Red cell antigens and antibodies

The presence or absence of antigens on the surface of red cells allows laboratories to identify the blood group of individuals. ABO and Rh blood group systems are the most well-known and most significant in transfusion practice.

Currently, there are 36 different blood group systems and over 300 blood group antigens located within these systems.(1) Red cell antigens are not exclusively expressed on red cells and may be found on other blood cells and tissues.

Pre-transfusion testing is performed to identify the patient's blood group and to detect pre-existing atypical red cell antibodies. A group and type (or group and antibody screen) is performed to allow provision of compatible red cells. If a clinically significant antibody is detected, red cells that are negative for the relevant antigen must be crossmatched.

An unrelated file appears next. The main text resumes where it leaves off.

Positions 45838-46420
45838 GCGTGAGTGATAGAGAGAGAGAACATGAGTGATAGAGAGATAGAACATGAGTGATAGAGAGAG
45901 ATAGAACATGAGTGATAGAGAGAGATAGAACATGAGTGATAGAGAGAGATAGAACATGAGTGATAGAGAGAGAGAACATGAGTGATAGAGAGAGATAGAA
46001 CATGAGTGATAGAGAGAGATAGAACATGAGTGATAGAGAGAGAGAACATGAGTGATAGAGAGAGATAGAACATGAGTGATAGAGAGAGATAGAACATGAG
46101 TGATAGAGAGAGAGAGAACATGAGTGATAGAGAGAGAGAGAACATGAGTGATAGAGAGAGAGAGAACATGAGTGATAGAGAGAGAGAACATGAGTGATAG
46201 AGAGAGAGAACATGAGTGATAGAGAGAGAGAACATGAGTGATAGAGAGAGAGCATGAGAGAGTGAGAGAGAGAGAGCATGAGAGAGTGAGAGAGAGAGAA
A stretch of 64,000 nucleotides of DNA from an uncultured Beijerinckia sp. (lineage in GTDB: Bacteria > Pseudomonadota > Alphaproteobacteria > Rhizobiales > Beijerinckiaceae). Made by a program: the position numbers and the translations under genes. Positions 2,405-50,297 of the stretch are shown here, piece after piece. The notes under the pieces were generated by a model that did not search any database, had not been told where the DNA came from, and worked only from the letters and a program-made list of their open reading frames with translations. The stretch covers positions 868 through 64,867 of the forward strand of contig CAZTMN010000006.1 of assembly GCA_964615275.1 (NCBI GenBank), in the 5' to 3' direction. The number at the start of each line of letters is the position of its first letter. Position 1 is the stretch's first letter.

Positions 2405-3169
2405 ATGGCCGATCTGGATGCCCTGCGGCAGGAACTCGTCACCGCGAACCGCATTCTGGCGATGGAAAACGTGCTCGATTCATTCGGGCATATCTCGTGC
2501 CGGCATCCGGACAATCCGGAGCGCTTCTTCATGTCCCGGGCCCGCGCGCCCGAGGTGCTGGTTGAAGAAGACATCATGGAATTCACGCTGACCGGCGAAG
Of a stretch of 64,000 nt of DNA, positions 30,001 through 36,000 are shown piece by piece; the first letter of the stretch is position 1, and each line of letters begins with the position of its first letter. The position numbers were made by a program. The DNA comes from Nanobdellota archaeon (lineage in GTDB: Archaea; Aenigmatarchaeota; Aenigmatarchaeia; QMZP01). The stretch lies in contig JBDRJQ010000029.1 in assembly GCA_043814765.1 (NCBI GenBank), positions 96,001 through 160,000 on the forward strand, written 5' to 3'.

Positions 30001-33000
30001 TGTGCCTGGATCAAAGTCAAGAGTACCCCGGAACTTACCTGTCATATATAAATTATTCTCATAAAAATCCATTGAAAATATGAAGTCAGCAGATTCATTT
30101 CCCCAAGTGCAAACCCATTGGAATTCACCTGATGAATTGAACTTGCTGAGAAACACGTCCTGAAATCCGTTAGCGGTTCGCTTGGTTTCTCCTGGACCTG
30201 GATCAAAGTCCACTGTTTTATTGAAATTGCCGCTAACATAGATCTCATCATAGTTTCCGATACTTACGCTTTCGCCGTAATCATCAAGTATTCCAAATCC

Immune red cell antibodies are predominantly IgG. These atypical antibodies are formed upon exposure to foreign red cell antigens during transfusion or pregnancy. IgG antibodies can cross the placenta and may cause haemolytic disease of the fetus and newborn.

The incidence of an immune red cell alloantibody is determined by the frequency of the antigen in the population and by its immunogenicity.

A patient may also have an antibody that reacts to all red cells irrespective of which antigens are present. This makes crossmatching difficult. These antibosies may also be associated with autoimmune diseases or medications. Daratumumab can cause a patients' red cells to agglutinate during crossmatching which requires transfusions to be planned before any Daratumumab is administered.


  1. International Society of Blood Transfusion (ISBT). Red cell immunogenetics and blood group terminology. [cited 2016 Jun 27]. Available from: